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AGI Failure Of A Kiln Burner At A Cement Plant

Failure of a Kiln Burner at a Cement Plant

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The operation for Kiln 3 at a cement plant was stopped at 11.25pm due to red spot (brick failure). Investigation indicates that the air channel pipe was “missing”, which resulted in a distorted flame shape. This is because the primary function of the air channel pipe is said to shape the flame and swirl the air whilst introducing the coal dust, to enable efficient combustion. The team was informed that when the burner was opened up for checking /maintenance, the plate – i.e. the air channel pipe – was “missing”. This in turn caused the misalignment of the burner core, which then affected the flame in the Kiln. Interviews were conducted with the personnel in the Kiln Department, revealed that on the day of the incident; red-spot on the kiln was noted by the kiln operation personnel. However the flame in the kiln burner was continued until it was flamed off.”

  • Current interruption occurs frequently, mainly due to power surges.
  • A major power failure resulted in stopping the kiln operation for ½ day.
  • Under normal circumstances of current interruption, kiln operation would be temporary stopped for ½ hour to an hour. After which the operation would resume, i.e. the kiln would be restarted.
  • From the “Kiln Operation Log Sheet – Record Sheet”, it is noted that:

“Kiln was stopped due to current interruption. Further stopped as the computer monitor all totally blacked out…” During the interruption, the operator in the control room could not monitor the operating condition of the kiln, which resulted in the failure of automation control of the process from the control room. As such the process (kiln temperature) was controlled manually and Kiln 3 experienced a failure during this manual-controlled period. A detailed and thorough inspection revealed the following possibility for the failure of the kiln burner:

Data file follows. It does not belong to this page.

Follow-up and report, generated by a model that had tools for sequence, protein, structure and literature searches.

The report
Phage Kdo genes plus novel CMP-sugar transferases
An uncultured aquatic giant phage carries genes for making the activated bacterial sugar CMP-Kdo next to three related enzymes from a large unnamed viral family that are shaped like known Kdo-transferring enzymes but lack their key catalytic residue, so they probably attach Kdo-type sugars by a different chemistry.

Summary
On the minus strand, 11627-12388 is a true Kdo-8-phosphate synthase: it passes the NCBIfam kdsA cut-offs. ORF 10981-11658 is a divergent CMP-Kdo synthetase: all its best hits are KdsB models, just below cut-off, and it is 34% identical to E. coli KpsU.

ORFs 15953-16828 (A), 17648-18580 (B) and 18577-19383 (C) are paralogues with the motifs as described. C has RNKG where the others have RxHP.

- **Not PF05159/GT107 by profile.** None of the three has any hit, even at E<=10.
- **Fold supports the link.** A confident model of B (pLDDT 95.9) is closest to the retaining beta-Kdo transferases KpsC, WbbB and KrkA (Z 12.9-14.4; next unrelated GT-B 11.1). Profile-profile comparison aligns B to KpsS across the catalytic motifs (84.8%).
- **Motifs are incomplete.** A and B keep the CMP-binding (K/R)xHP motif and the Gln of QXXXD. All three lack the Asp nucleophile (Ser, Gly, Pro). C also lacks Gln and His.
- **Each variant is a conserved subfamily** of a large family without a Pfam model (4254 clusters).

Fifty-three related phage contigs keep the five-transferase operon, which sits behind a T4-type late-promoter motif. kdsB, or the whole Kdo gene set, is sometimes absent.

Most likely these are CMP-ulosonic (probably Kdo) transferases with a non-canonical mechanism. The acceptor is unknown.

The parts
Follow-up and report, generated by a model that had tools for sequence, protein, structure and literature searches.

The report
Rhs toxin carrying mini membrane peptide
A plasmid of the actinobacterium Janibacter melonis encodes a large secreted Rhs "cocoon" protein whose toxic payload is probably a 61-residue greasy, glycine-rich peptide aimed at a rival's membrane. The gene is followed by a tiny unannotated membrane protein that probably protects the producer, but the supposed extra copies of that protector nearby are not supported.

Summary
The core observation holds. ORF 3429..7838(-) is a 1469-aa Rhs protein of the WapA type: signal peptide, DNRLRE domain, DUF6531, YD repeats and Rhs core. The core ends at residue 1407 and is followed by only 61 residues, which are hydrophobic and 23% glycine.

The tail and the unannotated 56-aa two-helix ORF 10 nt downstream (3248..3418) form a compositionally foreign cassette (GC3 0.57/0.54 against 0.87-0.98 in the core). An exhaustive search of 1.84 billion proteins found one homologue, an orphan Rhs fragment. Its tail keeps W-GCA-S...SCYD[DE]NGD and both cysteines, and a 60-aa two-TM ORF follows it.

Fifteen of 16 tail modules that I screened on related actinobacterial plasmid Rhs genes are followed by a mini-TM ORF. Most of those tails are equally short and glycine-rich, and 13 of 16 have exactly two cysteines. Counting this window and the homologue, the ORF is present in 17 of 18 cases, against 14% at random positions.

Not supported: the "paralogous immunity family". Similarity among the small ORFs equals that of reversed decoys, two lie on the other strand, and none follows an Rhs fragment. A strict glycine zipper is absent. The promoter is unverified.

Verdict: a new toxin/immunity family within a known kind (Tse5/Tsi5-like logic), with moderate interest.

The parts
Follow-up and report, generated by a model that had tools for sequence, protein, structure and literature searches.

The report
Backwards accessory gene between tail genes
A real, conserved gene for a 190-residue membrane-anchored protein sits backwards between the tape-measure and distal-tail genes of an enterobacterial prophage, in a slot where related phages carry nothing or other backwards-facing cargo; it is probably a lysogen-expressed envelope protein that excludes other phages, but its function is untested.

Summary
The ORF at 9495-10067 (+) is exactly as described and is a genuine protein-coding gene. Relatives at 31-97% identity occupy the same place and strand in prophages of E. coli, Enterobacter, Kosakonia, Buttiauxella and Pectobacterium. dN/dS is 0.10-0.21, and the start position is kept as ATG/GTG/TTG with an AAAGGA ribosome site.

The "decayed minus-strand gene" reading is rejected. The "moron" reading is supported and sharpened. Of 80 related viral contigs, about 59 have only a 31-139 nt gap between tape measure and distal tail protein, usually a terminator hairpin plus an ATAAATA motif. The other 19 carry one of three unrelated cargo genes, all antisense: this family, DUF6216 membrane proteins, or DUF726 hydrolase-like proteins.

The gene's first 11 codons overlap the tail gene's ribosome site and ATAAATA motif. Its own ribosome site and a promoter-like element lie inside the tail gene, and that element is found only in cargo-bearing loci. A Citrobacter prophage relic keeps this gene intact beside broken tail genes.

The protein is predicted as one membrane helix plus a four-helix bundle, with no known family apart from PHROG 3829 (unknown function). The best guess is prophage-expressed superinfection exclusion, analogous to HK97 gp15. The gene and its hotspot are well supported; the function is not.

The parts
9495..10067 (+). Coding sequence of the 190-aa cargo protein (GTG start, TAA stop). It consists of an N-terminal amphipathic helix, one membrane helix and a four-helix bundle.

The inner tube of the burner gun, which was found protruding, moved out due to mechanical failure of the equipment, which in turn caused a misalignment of the core of the burner gun, subsequently causing an inconsistency in the shape of the flame. This caused the kiln brick to fail. The protrusion would then have given the impression that the plate was “missing”.

Photograph 1: View of the Kiln Burner.
Photograph 2: View of the burner inlet.
Photograph 3: Front view of the misaligned Burner Gun.
Photograph 4: View of the misaligned burner gun.
Photograph 5: Mechanical failure of the burner gun.
  • Audio alert such as alarm to notify operators of any changes or operation upset of the kiln burner.
  • Implementation of SOP (Standard Operating Procedure) when switching from automation to manual control.
  • Enhance the flame monitoring system.
Cement Production Process

From the evidence and information available to the team, the failure of the kiln burner was that of the said “missing” plate (air channel pipe) was not “missing”, rather the protrusion of the inner tube created an impression that the plate was “missing”. This protrusion was due to an internal mechanical failure.

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